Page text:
The theme of the third conference focused on the question of whether Connecticut was falling behind in its efforts to develop and provide and serve data users. As with any other scarce commodity, the provision of data involves opportunity costs. Since we often have to give up other goods and services to produce data, we will (quite rationally) never produce the full quantity or quality of data we are technically capable of producing or using.
What’s more, this calculus is complicated by information’s often unpredictable value, a characteristic that makes it easy to underestimate information’s true worth.
Additionally, information users see data as a public good —- once produced, it becomes difficult to limit access to users capable of paying and who value the data. This perception reduces the incentive for providers to continue to offer data in sufficient quantity or quality.
Because of these challenges to the operation of markets, data collection and dissemination is often organized through quasi-public and government agencies, such as the U.S. Census bureau.
The first Data Conference concluded that a State's Data collaboration was not any single physical entity, but rather a framework of many data and research centers. The 2000 Data Conference discussed some of the elements needed to (a) identify, (b) organize and (c) disseminate data efficiently, for both public and private sectors.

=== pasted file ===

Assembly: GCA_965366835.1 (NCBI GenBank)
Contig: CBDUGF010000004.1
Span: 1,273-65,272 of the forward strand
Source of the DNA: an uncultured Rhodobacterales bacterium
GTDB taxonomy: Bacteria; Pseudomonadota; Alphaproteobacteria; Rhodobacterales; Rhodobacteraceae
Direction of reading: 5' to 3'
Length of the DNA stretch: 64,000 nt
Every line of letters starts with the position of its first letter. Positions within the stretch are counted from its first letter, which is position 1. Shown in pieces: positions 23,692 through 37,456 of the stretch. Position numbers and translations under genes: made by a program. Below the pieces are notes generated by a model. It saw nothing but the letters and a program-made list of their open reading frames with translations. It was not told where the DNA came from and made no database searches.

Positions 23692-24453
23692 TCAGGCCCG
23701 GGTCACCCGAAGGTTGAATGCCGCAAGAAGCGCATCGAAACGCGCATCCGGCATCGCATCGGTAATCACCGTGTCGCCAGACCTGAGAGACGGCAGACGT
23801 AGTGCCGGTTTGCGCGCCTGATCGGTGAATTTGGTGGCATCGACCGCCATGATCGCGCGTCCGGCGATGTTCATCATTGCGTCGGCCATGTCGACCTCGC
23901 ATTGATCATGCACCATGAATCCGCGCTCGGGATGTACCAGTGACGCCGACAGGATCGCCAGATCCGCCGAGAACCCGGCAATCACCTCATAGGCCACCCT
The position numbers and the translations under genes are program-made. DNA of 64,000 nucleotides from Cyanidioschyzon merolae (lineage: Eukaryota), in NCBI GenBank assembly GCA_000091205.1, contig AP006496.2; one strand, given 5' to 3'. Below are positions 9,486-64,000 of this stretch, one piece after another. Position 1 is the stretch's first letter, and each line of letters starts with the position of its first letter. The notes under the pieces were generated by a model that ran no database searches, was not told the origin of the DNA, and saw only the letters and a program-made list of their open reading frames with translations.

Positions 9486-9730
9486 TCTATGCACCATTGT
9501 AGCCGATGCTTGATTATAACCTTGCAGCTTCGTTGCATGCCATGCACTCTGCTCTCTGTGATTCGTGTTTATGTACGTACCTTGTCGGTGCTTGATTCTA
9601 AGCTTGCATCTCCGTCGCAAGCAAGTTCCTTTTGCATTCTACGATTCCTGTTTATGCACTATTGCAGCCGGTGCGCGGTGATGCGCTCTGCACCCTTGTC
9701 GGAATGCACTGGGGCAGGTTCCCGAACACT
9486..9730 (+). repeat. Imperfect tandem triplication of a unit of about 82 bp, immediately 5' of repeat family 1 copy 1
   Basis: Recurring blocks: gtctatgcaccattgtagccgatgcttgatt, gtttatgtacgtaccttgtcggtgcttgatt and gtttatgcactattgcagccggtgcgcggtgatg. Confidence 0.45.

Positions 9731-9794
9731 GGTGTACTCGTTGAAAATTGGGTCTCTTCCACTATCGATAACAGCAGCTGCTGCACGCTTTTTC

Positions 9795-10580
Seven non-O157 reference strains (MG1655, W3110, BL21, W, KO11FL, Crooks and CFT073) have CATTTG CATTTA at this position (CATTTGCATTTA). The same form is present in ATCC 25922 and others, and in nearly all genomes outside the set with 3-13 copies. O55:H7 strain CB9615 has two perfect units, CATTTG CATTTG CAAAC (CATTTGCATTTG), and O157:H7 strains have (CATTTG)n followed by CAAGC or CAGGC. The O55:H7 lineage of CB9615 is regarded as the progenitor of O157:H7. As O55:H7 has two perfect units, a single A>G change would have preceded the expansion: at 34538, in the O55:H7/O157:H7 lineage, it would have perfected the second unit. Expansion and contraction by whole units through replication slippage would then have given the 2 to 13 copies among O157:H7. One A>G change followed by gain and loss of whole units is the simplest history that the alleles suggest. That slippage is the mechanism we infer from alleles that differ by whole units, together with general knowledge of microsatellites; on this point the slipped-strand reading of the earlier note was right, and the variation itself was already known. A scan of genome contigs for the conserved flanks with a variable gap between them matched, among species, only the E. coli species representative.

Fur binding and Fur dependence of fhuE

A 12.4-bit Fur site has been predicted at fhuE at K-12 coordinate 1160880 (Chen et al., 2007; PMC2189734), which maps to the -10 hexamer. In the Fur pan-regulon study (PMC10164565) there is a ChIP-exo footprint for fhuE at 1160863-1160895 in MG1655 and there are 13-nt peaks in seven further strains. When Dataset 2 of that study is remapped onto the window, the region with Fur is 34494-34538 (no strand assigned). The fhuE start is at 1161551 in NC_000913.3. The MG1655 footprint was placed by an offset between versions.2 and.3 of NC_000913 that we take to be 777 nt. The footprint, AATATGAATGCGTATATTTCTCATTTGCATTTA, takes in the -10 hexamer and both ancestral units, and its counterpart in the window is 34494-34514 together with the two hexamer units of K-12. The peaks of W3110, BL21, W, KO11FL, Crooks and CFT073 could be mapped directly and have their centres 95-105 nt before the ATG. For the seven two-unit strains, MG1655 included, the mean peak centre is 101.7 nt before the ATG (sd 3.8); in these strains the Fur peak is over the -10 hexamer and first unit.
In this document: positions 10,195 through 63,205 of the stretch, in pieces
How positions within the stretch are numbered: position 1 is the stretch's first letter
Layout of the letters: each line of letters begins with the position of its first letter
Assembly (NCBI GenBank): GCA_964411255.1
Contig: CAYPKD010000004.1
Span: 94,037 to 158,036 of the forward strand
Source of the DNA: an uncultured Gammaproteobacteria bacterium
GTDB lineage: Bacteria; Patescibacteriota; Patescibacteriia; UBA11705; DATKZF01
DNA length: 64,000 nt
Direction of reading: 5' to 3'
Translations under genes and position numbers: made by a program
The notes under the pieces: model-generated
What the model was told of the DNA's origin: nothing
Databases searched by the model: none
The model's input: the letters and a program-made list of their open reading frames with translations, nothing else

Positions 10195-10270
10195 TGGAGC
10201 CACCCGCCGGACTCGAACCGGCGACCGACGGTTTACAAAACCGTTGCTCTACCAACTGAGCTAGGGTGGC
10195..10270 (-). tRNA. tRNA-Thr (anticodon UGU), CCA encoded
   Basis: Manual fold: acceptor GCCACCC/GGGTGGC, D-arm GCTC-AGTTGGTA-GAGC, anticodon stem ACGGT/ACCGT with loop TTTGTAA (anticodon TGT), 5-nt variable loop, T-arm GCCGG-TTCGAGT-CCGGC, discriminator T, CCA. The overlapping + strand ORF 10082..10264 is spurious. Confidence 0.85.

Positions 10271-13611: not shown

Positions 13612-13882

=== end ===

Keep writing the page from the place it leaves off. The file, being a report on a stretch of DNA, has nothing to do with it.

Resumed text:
Rather than the specific presentations for the 2000 conference, links to the
current website for each example is provided, from the principal topics in the
In addition to UConn's MAIC initiative and the UCCGIA from the Geography Department, the Census Bureau FERRET Project and the Center for Disease Control are developing data release programs to release population and demographic data available onine on-demand.
Data sources should be linked to one another, be easily searchable, and easily accessible. Noting the unavailability of reliable and complete business information, Jeff Blodgett recommends creating a master business registry and undertaking a longitudinal analysis of businesses in Connecticut to provide data for both public and private concerns.
Read the Executive Report, or see each presentor's perspective.
Most conference speakers noted the importance of focusing on the whole. That is, recognizing
that providing access to all of the available data, regardless of its type, should be the main focus of
a state data center in Connecticut. In addition, linking and providing access to existing data
sources should be the first undertaking of such a data center, while increasing the stock of
available data should be the second priority.
The data center does not need to be a single independent organization. It can and should be a collaborative effort between a variety of agencies. It is important to credit to the various supportive people and agencies. and agencies that provide the necessary data. Broad participation is vital.